boron 0.01 to 0.5 per‘ cent, the balance of the
alloybeing aluminum.
11.8
,
Hours
10
4. 6
4
11.2
a
9. 5
13
Alloys A and E exhibited a pitting type of
65 attack with scarcely any signs of intergranular
corrosion, whereas alloys 18, C, and D su?'ered
from severe intergranular attack. ‘ The early
failure of the latter three alloys demonstrates
the eirect of magnesium impurity and that the
70 addition of zinc or cadmium alone does not ma
terially a?ect the resistance to stress corrosion.
The bene?cial e?ect of zinc and cadmium when
used together may be seen in alloy E. It is to
be noted also that the addition of zinc and cad
75 mium restores the alloy to the corrosion resist
_
3. A heat treated and arti?cially aged alumi
-
Tensile
Yield Elonga- Time of
strength strength
tion
failure
~35
cent, zirconium 0.05 to 0.5 per cent, beryllium
relative resistance to stress corrosion of various
aluminum base alloys. The time required for
each specimen to bend, or fail to support the
50 applied load, was noted. The average mechani
cal properties of each alloy, and the lengths of
time the various specimens supported the loads,
my
>
num base alloy containing from 2 to 12 per cent
copper, 0.1 to 2 per cent silicon, 0.005 to 0.1 per
cent tin, 0.005 to 0.03 per cent magnesium, 0.01
to 0.15 per cent. cadmium, 0.1 to 3 per cent zinc 40
and 0.1 to 1.5 percent of hardening metal of the
group composed of manganese 0.1 to 1.5 per cent,
chromium 0.1 to 1 percent, titanium 0.03 to 0.5
per cent, molybdenum 0.05 to 1 per cent, tung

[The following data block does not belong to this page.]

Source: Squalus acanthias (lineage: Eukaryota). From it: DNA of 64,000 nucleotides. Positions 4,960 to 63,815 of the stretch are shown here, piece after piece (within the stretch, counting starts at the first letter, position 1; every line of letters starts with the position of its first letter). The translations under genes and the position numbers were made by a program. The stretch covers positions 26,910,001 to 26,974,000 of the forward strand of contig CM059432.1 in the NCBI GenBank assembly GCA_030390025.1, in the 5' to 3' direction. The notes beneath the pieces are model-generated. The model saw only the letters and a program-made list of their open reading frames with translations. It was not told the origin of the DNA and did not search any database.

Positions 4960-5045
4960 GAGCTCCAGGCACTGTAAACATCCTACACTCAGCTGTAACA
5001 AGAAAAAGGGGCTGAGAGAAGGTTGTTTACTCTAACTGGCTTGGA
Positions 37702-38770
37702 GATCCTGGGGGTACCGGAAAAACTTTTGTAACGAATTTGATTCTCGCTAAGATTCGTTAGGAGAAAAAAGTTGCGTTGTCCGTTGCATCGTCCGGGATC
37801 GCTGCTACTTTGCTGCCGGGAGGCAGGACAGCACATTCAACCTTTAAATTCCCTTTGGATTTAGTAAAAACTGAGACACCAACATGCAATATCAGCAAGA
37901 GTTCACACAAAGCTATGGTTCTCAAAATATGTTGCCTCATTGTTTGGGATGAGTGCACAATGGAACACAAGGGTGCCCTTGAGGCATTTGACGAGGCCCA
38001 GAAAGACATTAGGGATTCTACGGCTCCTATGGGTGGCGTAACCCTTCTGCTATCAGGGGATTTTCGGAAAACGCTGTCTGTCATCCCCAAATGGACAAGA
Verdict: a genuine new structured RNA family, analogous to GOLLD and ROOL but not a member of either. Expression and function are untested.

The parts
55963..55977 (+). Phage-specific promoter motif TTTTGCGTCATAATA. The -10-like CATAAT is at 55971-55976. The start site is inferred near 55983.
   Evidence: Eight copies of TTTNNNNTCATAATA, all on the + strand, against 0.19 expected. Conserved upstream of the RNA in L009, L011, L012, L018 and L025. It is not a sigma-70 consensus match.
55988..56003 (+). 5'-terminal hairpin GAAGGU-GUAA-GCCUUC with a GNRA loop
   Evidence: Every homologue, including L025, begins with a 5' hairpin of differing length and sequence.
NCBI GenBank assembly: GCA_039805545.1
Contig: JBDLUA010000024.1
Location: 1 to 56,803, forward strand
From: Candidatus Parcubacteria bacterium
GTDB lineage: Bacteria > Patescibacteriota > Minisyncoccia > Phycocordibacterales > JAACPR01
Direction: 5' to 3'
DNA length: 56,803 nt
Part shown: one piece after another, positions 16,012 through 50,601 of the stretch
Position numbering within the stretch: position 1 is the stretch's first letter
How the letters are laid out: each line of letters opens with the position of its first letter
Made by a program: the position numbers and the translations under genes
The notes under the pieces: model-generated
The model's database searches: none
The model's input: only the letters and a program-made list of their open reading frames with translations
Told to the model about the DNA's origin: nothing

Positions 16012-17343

sten 0.05 to 1 per cent, vanadium 0.05 to 1 per 45
as determined by the aforesaid mechanical prop
erty tests. The stressed specimens were then
55
'
2. ‘A heat treated and arti?cially aged alumi
to ‘75 per cent of the yield strength of each alloy
‘are given in the table below.
20
copper-tin alloys are generally arti?cially aged in
vorder to take full advantage of the high strength
which can be developed in the alloys.
The term aluminum as used hereinabove and
in the appended claims denotes the metal of the 25
purity-exclusive of the magnesium impurity as
> herein de?ned—that is commercially available.
1
1
num base alloy containing from 2 to 6 per cent 50
copper, 0.2 to l per cent ‘silicon, 0.03 to 0.07 per
cent tin, 0.005 to 0.03 per cent magnesium, 0.01
to 0.15 per cent cadmium, and 1 to 2 per cent
zinc, the balance of the alloy being aluminum.
4. A heat treated and arti?cially aged alumi
num base alloy containing from 2 to 6 per cent
copper, 0.2 to 1 per cent silicon, 0.03 to 0.07 per
cent tin, 0.005 tov 0.03 per cent magnesium, 0.01
to 0.15 per cent cadmium, 1 to 2 per cent zinc,
and 0.1 to 1.5 per cent of hardening metal of the
group composed of manganese, 0.1 to 1.5 per cent,
chromium 0.1 to 1 percent, titanium'0.03 to 0.5
per cent. molybdenum 0.05 to 1 per cent, tung
sten 0.05 to 1 per cent, vanadium 0.05 to 1 per 65
cent, zirconium 0.05 to 0.5 per cent, beryllium
0.01 to 0.5 per cent,-nickel 0.05 to 1 per cent,
boron 0.01 to 0.5 per cent, the balance of the
alloy being aluminum.
'
5. A heat treated and arti?cially aged alumi~ 70
num base alloy containing from 2 to 12 percent
copper, 0.1 to 2 percent silicon, 0.005 to 0.1'per
cent tin, 0.005 to 0.03 per cent magnesium, 0.01
to 0.15 per cent cadmium and 0.1 to 3 per cent
zinc. said alloy being characterized by ‘the fact 76
9,181,520
that its resistance to strees?con'esion is consider
4 ably improved over that of en aluminum base
alloy containing the me amount of copper, tin,
magnesium, and cadmium but without zinc.
6. A heat treated and arti?cially aged alumi
num base alloy containing from 2 to 6 per cent‘
copper,_0.2 to 1.5 per cent siliccm.k 0.1 to 1.5 per
cent mengiainese,v 0.03 to 0.07 per cent tin, 0.005
to 0.03 per cent magnesium, 0.01 e» 0.15 per cent
cadmium, endioJ to 3 per eent zihc, end the teal-j
ance of the alloy being aluminum.
7. A heat treated and arti?cially aged alumi
‘num base alloy containing 4.4 per cent eepper,
0.8 per cent silicon, 0.8 percent manganese, 0.02
percent magnesium, 0.05 per cent tin, 0.1 per
cent cadmium, 1 per cent mm, and the balance
aluminum.
-
.
_ , JG?WH A. NOCK. JR.